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Wednesday, March 25, 2015

Female Ranger bust.. WIP


So over the weekend I begun work on a female bust of what can only be explained to be a ranger. She is kinda part of my dwarf project, but not fully. More on that comment much later.. maybe :)

But with this as a start, and me very happy with this drawing/painting of the bust, off I went! With the same colors but on a black base ( kinda a mistake I guess ) I take off on this piece!


Honestly this was not a bad start for me on the bust. It was not the best, but not terrible.. though somewhere after this the shading, and washes of the cloak got really muddy. And then dirty. And then it all went pear shaped and I threw a bit of an artistic hissy fit on it, and left it alone for the rest of the evening. Going back at it the next day.

I think it could have survived this original color with some more controlled painting, but the mojo fell out of me somehow on this, and I just couldn't keep my mind straight on it. But the blocking out of the other colors were working well enough at least at this point for me.

Though the skin color came out really patchy and chalky.. though I might be able to use that to my advantage later on.


Going with a darker brown leather cloak so far, and a slightly warmer shoulder pad also. I also tried to make the border of the cloak a bit lighter, but am not happy with it either. So I might tint it yellow back to the original idea with it. The cloak itself needs more variations, so I need to go back over my notes on how to paint leather, and get more photos for inspiration on it. But less is more is not the strategy to go with this piece..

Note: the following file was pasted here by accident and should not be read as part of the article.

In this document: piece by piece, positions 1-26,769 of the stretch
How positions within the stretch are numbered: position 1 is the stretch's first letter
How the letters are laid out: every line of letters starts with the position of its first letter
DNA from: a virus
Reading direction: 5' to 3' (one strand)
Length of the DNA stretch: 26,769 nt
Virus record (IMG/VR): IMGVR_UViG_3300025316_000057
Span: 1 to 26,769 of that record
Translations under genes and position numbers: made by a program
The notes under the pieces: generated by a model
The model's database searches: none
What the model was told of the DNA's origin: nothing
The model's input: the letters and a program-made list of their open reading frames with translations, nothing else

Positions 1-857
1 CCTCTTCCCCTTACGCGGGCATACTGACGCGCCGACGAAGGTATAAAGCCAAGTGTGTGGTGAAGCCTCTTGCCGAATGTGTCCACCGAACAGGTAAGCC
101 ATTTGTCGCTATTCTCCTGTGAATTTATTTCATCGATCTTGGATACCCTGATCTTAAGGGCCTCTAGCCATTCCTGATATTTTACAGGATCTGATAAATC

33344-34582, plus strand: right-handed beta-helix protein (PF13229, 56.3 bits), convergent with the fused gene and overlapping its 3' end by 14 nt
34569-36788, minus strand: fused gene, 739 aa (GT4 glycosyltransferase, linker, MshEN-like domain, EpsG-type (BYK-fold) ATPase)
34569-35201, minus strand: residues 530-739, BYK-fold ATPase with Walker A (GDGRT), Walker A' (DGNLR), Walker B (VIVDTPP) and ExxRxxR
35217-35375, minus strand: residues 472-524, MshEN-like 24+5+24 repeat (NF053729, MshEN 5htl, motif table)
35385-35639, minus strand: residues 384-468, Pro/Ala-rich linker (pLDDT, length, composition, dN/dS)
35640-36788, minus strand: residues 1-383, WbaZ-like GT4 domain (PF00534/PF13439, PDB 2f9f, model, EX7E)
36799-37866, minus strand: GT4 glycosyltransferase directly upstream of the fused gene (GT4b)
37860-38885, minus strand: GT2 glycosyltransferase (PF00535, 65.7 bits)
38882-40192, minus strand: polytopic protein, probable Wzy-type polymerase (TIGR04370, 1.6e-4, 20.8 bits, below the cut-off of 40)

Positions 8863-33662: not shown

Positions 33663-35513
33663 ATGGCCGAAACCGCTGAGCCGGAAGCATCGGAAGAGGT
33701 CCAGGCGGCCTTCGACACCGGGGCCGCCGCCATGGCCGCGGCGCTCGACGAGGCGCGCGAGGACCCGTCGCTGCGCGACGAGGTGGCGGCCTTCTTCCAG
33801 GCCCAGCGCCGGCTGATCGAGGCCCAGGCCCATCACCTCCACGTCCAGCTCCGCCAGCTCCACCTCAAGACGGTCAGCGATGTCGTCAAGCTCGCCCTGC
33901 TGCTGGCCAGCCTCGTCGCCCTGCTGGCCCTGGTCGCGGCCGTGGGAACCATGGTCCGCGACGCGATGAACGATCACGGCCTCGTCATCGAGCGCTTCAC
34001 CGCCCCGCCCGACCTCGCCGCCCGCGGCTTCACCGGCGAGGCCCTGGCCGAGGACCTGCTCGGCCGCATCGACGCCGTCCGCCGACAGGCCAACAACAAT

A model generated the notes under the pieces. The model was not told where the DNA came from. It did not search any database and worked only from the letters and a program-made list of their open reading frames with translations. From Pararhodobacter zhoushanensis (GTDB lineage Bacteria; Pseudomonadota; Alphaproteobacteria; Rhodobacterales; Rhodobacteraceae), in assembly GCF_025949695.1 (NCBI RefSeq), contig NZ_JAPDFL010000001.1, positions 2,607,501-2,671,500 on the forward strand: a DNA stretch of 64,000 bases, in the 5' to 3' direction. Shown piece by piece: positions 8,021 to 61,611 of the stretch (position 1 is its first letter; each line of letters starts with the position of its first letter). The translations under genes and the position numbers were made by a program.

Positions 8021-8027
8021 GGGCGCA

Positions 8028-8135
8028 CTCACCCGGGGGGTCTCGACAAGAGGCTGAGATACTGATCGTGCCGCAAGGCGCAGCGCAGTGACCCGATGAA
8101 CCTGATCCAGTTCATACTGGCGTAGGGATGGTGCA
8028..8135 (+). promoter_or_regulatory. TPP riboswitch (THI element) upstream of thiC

When looking at it under the heavy lights, you can see variations a bit better, but under regular lights or daylight, they all but disappear. So I have to go back at it and push the contrast even further. And by further I mean take it to the MAX! And maybe work some tonalities into it as well, something that Banshee attempted to bash into my skull in Augsburg, but seems it has not completely taken hold yet.


Though I am more happy with how the shoulder pad came out. But I would prefer to have a different look than that for the cloak. And the flat black on it will all be silver when I get to the metal working stage.

After a quick chat with my good buddy Denny Crane on Facebook, he urged me to just keep going on the cloak. And to drybrush a lighter color on it, and then maybe the yellow tone back into it. So I surprisingly dove back into it Monday night with a heavy drybrush, and some more colors in my wet palette.




Surprisingly it worked! Or at least gave me more confidence on the piece, and took it into the right direction. Still requires some glazes to bring it all together again, but it is moving on the right direction once more for me.

Now if I can only get the subtleties of the skin down and working properly for it.. then I would begin to really be happy. But I think that will require me to dive into the oils or paint retarders to get working properly.. time will tell though I guess! Oh and I need to stare.. I mean reference.. more female forms to understand how light and shadows work on open cleavage.. might take me several sessions to understand that.. :)